You can fit up to 40 dough balls on a sheet tray because they're so small.
Let the baked cookies cool on the sheet tray - then pair them up according to their size so you're not scrambling to find the right size top after you pipe the molten chocolate on the bottom halves.
Chop some very good quality chocolate and melt it. I melted mine slowly in the microwave, stirring every 10 seconds until the chocolate was silky smooth; then I poured it into a zip-top bag and snipped a very, very small hole in one corner.
These cookies are round which means they tilt rather than sit flat - especially after you sandwich them together. Not a problem once the chocolate has had a chance to set, but before that happens the chocolate flows in the direction of the tilt. I wanted my finished cookies to be a bit neater looking so I nestled the bottom halves, nice and level, in a bed of sugar; then piped the chocolate and added the top halves. The chocolate will set in about 15 minutes or so. Brush any excess sugar off the bottom of the cookies and serve.
I hope I've inspired you to give these adorable cookies a try.
recipe adapted from David Lebovits via Teressa Murphy
makes 35 tiny sandwich cookies
1 1/4 cups (140g) hazelnuts, skinned, toasted, and ground**
1 cup (140g) rice flour** (or all purpose flour)
3 1/2 ounces (100g) unsalted butter, room temperature
1/2 cup (100g) granulated sugar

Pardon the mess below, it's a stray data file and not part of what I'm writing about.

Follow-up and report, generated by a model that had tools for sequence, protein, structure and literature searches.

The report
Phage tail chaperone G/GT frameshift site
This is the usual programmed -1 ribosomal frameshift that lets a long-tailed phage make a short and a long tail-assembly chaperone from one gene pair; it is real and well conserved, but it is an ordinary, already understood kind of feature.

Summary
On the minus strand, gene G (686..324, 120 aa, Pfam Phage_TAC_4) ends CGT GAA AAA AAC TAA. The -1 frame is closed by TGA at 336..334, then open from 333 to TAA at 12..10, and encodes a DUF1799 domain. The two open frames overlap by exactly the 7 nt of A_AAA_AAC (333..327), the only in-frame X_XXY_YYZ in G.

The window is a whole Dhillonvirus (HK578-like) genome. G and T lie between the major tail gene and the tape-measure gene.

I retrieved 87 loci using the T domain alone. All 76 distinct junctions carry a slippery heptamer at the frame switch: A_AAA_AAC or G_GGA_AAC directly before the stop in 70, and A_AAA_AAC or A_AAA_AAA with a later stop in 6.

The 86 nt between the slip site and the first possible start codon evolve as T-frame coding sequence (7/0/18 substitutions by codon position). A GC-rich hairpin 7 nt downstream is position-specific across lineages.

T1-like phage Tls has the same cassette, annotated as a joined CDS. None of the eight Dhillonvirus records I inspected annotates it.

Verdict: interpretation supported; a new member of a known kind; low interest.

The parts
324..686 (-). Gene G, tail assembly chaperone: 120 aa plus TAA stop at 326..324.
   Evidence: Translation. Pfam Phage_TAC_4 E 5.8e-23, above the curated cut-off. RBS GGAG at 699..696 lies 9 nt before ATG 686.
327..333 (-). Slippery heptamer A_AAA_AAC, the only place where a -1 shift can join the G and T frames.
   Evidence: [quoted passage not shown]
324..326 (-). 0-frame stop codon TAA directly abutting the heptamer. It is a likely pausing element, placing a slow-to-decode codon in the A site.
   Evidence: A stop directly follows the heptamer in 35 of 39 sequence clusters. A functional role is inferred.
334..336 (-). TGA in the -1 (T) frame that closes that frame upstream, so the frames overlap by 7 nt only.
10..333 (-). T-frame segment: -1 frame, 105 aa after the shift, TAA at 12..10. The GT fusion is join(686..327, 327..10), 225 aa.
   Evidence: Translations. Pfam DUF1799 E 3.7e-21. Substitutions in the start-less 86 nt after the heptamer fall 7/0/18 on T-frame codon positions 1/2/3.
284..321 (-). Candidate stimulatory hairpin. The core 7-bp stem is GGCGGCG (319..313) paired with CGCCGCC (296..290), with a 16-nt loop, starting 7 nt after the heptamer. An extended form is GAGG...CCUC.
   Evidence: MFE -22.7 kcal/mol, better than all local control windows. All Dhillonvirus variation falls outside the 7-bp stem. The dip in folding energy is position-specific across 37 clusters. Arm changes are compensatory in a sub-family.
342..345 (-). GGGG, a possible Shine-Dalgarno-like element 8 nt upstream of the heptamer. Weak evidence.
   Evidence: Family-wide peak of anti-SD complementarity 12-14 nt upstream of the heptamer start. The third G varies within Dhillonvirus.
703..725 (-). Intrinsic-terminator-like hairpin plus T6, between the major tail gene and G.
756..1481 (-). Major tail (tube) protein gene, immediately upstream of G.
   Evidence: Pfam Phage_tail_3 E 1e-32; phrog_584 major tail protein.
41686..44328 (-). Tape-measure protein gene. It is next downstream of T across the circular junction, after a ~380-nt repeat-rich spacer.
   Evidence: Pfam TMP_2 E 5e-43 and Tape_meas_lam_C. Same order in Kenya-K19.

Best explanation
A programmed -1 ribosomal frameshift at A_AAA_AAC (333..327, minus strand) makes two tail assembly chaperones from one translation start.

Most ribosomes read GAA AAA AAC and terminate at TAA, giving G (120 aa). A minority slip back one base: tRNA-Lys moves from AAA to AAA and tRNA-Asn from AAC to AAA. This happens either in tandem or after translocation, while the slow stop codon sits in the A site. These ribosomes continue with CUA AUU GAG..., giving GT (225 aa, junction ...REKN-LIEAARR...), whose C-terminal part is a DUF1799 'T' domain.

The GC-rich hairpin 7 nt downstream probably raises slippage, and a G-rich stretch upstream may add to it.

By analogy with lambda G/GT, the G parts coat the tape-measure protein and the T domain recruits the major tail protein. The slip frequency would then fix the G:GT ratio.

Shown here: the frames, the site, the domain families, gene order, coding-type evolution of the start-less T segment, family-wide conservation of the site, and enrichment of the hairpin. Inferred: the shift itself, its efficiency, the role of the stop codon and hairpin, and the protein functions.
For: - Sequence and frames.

pinch of salt
2 ounces (55g) bittersweet or semisweet chocolate, chopped
To make the dough:
In the bowl of a stand mixer fitted with a BeateBlade attachment, combine the ground nuts, rice flour, butter, salt, and sugar until it forms into a dough; chill for about an hour. Roll marble-size balls of dough about 3/4-inch wide (5 grams for those of us who have "Baking OCD") and place on a parchment or silicone lined sheet pan; return to refrigerator and keep chilled until you're ready to bake.
To bake the cookies:
Preheat oven to 325F. Bake for 8-12 minutes; allow cookies to cool completely on sheet pan.
To assemble the cookies:
Gently melt the chocolate in a microwave or in a double boiler. Place a chocolate chip size dollop of chocolate between two cookie halves; set aside until chocolate sets. Cookies can be stored in an airtight container for up to a week.
**To make rice flour:
Pulse uncooked white rice in a spice mill or coffee grinder until very finely ground.
**To blanch and peel hazelnuts:
Bring 2 cups of water to a boil in a 4-quart sauce pan (you need a large pan because the water and baking soda will bubble up a lot). Add baking soda to boiling water; add hazelnuts and boil for 3 full minutes (don't be alarmed when the water turns black; this is to be expected). In the meantime, have ready a bowl of iced water. After 3 minutes, remove hazelnuts from boiling water and plunge them into the iced water to stop the cooking process. Slip hazelnuts out of their skins and allow to dry. Toast hazelnuts in a 350F oven for 10-15 minutes. Cool completely and pulse in a food processor until finely ground (should resemble dry cornmeal or polenta).